In the FT-IR spectra the frequency bands near 564-588 cm-1 and 425-442 cm-1 are assigned to the tetrahedral and octahedral clusters and confirms the presence of M-O stretching band in ferrites as suggested by Pradeep and Chandrasekaran [11]. The authors suggested that the vibrational mode of tetrahedral clusters is higher as compared to that of octahedral clusters, which is attributed to the shorter bond length of tetrahedral clusters.

3.2 X-Ray Diffraction Studies

Typical X-Ray diffraction pattern for the sample Co0.6Zn0.4Fe2O4 after annealing at 400, 600, 800, 1000oC are shown in Figure 2. The diffraction pattern did not show any peaks for the as prepared ferrite samples thereby showing the amorphous nature of the samples. However for the annealed samples regular peaks were observed, which confirmed that particle size increases with increase in temperature and the intensity of the peaks grew stronger with the grain size growth. The samples were found to be face centered cubic with Fd-3m space group.

Figure 3 represents the X-Ray powder diffraction pattern for the samples CoxZn1-xFe2O4 (where x = 0.0, 0.2, 0.4, 0.6, 0.8 and 1.0) annealed at 1000oC. The lattice parameters were calculated using Powley and Le-Bail refinement methods. It is observed that the lattice parameter ‘a’ increases linearly with increase in zinc concentration as shown in Figure 4. The reason for this increase of lattice parameter values may be due to the larger ionic radii of Zn2+ (88 pm) as compared to Co3+ (83.8 pm). The crystallite size was calculated using Debye Scherrer equation [12].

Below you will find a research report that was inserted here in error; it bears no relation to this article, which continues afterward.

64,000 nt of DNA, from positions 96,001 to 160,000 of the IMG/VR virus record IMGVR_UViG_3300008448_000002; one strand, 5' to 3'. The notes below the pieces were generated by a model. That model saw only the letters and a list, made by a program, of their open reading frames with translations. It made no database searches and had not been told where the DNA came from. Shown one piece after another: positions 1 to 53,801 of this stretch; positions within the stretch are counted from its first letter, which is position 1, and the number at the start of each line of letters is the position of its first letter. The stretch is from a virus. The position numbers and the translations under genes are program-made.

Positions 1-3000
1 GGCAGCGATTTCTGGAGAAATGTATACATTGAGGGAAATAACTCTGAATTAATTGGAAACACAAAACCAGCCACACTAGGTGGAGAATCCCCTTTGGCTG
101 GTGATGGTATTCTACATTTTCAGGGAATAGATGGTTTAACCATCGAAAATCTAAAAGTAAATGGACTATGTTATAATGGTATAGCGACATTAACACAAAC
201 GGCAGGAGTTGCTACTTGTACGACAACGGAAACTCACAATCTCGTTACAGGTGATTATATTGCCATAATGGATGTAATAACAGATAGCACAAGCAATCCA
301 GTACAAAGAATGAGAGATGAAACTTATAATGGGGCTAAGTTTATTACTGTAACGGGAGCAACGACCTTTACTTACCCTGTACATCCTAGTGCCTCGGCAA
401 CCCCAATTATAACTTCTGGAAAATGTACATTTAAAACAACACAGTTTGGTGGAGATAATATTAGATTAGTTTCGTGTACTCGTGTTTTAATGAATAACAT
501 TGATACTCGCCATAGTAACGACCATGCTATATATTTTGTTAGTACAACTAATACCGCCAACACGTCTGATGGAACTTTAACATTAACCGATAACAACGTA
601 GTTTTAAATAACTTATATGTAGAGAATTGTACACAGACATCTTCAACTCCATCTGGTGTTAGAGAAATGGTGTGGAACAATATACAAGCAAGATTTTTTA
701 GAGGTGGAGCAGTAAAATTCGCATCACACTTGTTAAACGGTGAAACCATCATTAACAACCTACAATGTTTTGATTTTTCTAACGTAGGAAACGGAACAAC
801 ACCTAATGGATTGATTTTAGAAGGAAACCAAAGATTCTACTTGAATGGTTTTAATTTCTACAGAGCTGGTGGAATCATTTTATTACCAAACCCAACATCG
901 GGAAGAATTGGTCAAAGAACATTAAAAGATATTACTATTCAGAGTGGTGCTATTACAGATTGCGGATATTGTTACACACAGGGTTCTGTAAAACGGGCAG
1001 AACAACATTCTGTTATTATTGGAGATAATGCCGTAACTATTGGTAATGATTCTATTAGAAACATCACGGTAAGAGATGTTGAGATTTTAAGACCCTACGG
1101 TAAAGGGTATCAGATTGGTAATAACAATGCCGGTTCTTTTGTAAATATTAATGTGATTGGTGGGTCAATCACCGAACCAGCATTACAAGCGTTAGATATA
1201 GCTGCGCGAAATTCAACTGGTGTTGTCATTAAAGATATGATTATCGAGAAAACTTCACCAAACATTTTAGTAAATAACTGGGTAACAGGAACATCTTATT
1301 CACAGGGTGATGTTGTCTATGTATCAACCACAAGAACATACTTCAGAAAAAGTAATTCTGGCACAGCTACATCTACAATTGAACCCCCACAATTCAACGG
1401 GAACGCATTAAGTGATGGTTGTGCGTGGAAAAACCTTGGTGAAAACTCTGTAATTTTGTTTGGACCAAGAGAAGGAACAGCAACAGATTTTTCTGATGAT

where d is the grain diameter, w is the half intensity

Figure 2. X-ray diffractographs of Co0.6Zn0.4Fe2O4 (a) as obtained and after annealing at (b) 400; (c) 600; (d) 800 and (e) 1000 ℃.

Figure 3. X-ray diffractographs of CoXZn1-XFe2O4 after annealing at 1000℃

widths of the relevant diffraction peak and w1 is the instrumental broadening, λ is the X-Ray wavelength and θ is the angle of diffraction. A linear increase in the particle size of the samples was observed with increasing annealing temperature.

The X-ray densities (dx) for all the annealed samples are tabulated in Table 1 which was calculated using the equation dx = 8M/Na,3 where M is the molecular mass of the sample, N is Avogadro’s number and ‘a’ is the lattice parameter. It is clearly seen from Figure 4 that the X-ray density increases linearly with increasing zinc concentration which should be due to the heavier weight of zinc atom as compared to that of cobalt atom.

3.3 Magnetic measurements

Typical hysteresis loops of CoFe2O4 as obtained and after annealing at 400, 600 and 1000 oC are shown in Figure 5. Typical hysterises loops for the samples Co0.2Zn0.8 Fe2O4, Co0.4Zn0.6Fe2O4, Co0.8Zn0.2Fe2O4 are also shown in Figure 6. The hysteresis loop for the as obtained sample exhibits no hysteresis, which may be attributed to superparamagnetic relaxation. The saturation magnetization of the annealed samples of CoFe2O4 at 1000℃ is ~84 emu/g, which is in good agreement with the reported values [13,14].

In a cubic system of ferromagnetic spinels, the magnetic order is mainly due to a super exchange interaction mechanism occurring between the metal ion in the A and B sublattices. The substitution of nonmagnetic ion such as zinc, which has a preferentially A site occupancy results in the reduction of the exchange interaction between A and B sites. Hence, by varying the amount of zinc substitution, it should possible to vary magnetic properties of the samples. According to Neel’s two sublattice model of ferrimagnetism, the magnetic moment per formula unit in mB, nBN(x) is expressed as: